|Environmental Handbook Volume II: Agriculture, Mining/Energy, Trade/Industry (GTZ, 1995, 736 p.)|
|32. Fisheries and aquaculture|
Fisheries and aquaculture are dependent on the existence of an environment which is intact or at least not permanently damaged, but can themselves have negative effects on the environment and on resources. As fisheries rely on continuous natural renewal of fish resources, activities in this field must treat these resources and their habitats with care.
Wherever resources have already been overfished and their habitats adversely affected by environmental changes, they must be rehabilitated if possible. Once fishing reaches a certain level of intensity, improved utilisation of catches is the only way of raising production. To this end, particular efforts should be made in the future to promote consumption of types of fish which are currently still unattractive from the commercial viewpoint and are simply used for making fish meal, and to ensure that fewer fish are lost as a result of spoilage.
Aquaculture is for the most part still a relatively new field of activity in the fishery sector. To promote its future development it requires tailor-made strategies which take particular account of the fact that most of the natural resources employed in aquaculture (water, land, feedstuffs; spawn in the case of most cultivated species) are already used for other purposes and can thus become sources of conflict. One of the most important strategic principles must therefore be to avoid such conflicts or resolve them with a minimum of adverse consequences in the ecological, economic and social spheres. This means, for example, that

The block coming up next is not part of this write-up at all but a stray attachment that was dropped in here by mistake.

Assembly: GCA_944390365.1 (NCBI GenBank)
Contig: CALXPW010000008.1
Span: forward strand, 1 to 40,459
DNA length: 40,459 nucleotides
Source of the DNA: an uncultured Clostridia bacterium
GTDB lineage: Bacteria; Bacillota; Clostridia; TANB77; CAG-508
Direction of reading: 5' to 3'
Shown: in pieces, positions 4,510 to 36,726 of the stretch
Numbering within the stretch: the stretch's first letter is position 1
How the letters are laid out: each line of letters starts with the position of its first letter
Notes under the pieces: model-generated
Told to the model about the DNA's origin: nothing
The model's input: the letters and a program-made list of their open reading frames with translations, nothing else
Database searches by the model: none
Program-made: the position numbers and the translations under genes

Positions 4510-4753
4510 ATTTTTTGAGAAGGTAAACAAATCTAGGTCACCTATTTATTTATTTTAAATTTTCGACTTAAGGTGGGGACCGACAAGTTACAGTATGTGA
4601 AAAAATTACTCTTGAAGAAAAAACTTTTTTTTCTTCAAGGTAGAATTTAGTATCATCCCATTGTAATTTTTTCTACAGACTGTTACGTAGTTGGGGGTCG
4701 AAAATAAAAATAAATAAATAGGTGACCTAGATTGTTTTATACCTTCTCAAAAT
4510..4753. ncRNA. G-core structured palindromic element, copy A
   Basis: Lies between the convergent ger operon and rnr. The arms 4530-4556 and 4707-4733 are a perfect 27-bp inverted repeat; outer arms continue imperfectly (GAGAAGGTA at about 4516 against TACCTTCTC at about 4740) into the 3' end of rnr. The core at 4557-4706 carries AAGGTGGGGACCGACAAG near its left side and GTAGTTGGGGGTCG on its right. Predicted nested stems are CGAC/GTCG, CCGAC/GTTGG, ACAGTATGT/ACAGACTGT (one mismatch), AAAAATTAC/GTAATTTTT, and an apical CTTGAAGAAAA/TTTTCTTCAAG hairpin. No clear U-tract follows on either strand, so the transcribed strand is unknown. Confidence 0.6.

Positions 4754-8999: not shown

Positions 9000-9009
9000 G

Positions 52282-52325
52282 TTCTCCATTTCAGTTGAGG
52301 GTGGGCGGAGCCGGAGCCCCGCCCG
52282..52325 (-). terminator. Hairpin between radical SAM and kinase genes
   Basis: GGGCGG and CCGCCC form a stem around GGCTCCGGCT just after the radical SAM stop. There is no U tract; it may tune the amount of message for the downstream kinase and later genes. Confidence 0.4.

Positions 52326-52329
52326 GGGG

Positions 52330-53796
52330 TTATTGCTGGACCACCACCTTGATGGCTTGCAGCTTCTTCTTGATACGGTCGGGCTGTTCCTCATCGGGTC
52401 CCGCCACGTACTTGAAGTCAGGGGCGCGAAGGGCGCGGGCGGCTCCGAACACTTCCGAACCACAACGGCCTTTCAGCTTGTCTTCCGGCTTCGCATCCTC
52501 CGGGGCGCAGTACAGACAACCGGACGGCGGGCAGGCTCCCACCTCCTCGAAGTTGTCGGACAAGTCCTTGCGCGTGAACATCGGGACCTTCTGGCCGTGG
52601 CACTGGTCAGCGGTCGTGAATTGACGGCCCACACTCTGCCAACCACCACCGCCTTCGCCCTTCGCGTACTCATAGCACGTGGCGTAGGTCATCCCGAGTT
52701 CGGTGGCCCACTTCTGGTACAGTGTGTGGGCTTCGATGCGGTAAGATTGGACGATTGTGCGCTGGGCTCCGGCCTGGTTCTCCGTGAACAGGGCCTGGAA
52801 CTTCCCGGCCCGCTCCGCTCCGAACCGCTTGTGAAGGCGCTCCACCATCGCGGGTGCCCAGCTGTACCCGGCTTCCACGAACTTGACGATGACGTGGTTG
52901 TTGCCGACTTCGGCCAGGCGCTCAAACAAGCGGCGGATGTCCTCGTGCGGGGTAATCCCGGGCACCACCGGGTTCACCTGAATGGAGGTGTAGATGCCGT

- the impacts of aquaculture must initially be
compared with those of other ways of utilising resources (e.g. mangrove
forests as a means of preventing coastal erosion, tourism), with aquaculture
activities then being designed as far as possible such that they complement use
of water resources for other purposes;
- by-products or waste products that cannot be put to beneficial use elsewhere should be used as far as possible for feeding aquaculture organisms and fertilising the water. It is vital, however, that such products should be free of contamination (e.g. by pesticides).
Observance of the basic principles can be encouraged if the long-term advantages are demonstrated by effective examples and appropriate political and ecological conditions create a balanced combination of incentives and restrictions.
When involved in the development strategy and given appropriate training, women can play a key role in helping to prevent, reduce and eliminate environmental and health risks. Particular importance must be attached to awareness-raising measures that take religious considerations and cultural aspects into account.